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Agony Editor: Is it in poor taste for an author to charge a book club an appearance fee?

(Evan Munday)

Dear Agony Editor,

I recently invited a writer to my book club. She got back to me with a fee. I was shocked. This is the first I’ve heard of authors charging money to visit book clubs. To be honest, I’m inclined to rescind my invitation. After all, we bought her book. Isn’t that enough?

Signed,
Cash Grab

Dear Grab,

Oh, book clubs. Ask any author how they feel about going to them and no doubt you’ll get a potpourri of answers. Some authors, usually the emerging ones, will happily visit book clubs as a way to grow their audience. For more established authors, the chances are less likely.

While I’m sure the author appreciated the invitation – and that your group selected her book – there are time sacrifices she needs to consider. Usually, going to a book club will take up a writer’s entire evening. (I was once at a book club until 2 a.m. At least the wine was good.) If your writer relies on writing for her livelihood, I think it’s perfectly reasonable for her to ask for compensation. Remember: it’s work for her. The time she spends with your club is time away from writing.

I’ll break it down another way – if your book club has 10 people in it and you’ve all purchased her book for $20 (and that’s a big assumption because some people in book clubs share or borrow books), that means that, based on 10 per cent royalties, your writer has potentially raked in a whopping 20 bucks. That’s provided she’s earned out her advance. From her vantage point, your invitation might not seem too lucrative. So to directly answer your question, no. Buying the book isn’t enough. Having said that, there are no hard rules and every author operates differently. As a courtesy, ask an author if they have a book club fee the next time you’re considering inviting one out. It will send a signal that you’re respectful of their time, guarantee clarity, and save you from having to deal with the awkward situation you’re currently faced with.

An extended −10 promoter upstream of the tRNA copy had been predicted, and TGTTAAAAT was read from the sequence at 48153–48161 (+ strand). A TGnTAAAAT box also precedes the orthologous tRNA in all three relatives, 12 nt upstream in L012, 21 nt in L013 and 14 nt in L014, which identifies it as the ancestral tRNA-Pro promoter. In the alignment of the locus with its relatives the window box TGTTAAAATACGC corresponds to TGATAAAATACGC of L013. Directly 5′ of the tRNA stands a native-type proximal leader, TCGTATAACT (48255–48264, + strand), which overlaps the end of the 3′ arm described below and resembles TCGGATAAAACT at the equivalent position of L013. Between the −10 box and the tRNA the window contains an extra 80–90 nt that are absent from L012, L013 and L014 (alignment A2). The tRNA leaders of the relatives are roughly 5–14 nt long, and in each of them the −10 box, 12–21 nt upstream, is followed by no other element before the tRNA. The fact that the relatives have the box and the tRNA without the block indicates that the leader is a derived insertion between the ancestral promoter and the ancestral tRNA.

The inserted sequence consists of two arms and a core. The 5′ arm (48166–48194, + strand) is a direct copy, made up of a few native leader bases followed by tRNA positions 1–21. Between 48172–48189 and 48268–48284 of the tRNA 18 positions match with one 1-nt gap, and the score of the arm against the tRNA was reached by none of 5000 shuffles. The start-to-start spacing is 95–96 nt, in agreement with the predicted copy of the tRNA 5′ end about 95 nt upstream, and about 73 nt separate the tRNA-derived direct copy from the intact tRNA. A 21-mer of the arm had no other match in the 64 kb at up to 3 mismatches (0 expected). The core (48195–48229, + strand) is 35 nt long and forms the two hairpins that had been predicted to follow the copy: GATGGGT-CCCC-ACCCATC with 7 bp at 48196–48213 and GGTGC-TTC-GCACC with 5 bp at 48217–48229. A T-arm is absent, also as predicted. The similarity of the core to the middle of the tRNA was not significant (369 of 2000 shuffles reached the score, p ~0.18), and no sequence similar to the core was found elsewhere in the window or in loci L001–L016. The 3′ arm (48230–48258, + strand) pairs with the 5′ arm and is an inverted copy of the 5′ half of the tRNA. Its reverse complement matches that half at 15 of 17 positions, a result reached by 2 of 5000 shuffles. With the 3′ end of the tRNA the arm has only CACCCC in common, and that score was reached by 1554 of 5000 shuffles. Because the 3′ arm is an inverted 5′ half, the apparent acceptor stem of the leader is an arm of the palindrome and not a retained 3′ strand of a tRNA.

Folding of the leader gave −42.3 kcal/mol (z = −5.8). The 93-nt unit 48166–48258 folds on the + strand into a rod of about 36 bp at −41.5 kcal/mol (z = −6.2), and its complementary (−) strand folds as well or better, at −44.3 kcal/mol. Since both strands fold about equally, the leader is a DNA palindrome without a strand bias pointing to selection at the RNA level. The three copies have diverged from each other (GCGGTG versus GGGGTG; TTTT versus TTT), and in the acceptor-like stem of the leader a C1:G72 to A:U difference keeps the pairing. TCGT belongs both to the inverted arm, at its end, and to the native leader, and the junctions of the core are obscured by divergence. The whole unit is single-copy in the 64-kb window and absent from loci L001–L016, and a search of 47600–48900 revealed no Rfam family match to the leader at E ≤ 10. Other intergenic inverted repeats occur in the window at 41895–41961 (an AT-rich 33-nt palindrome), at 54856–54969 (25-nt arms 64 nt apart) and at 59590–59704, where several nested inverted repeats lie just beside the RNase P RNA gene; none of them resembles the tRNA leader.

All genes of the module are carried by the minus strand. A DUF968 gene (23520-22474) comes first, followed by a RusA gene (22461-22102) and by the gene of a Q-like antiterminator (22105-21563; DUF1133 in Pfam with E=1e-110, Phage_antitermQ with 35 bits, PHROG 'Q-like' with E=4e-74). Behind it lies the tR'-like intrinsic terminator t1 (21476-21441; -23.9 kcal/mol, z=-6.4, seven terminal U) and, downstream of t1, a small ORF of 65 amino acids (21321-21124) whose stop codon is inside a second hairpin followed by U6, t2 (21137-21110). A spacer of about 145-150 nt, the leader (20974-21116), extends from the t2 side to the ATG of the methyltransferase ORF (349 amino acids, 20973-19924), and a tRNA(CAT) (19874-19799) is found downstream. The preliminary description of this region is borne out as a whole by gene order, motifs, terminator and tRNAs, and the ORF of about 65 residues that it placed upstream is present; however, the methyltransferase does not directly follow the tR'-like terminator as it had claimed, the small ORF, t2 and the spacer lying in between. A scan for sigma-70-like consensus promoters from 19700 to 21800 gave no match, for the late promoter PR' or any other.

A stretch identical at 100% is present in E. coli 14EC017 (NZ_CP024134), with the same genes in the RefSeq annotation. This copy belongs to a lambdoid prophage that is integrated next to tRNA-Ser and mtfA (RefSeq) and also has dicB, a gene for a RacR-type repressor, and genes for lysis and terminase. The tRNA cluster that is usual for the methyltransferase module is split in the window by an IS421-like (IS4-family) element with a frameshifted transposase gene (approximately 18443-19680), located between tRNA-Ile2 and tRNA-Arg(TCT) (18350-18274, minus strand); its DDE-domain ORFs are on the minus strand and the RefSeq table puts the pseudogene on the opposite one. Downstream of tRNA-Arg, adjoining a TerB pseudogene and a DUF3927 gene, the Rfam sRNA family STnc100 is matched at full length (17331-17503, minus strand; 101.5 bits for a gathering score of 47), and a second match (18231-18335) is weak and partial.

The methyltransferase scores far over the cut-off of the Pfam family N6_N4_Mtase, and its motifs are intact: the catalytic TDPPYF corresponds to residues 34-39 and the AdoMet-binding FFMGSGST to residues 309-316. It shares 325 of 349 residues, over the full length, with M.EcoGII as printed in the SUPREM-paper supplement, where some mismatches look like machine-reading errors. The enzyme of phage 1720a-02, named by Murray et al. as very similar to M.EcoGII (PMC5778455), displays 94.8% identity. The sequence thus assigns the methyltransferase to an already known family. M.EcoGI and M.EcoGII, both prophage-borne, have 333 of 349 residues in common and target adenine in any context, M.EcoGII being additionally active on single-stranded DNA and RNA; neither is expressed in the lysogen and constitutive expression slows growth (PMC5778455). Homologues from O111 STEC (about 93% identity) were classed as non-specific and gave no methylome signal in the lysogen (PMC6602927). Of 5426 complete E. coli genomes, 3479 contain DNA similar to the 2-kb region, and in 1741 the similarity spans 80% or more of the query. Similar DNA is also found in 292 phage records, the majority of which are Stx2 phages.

Brian Francis is the author of Natural Order and Fruit. He teaches creative writing­ as part of the International Festival of Authors.

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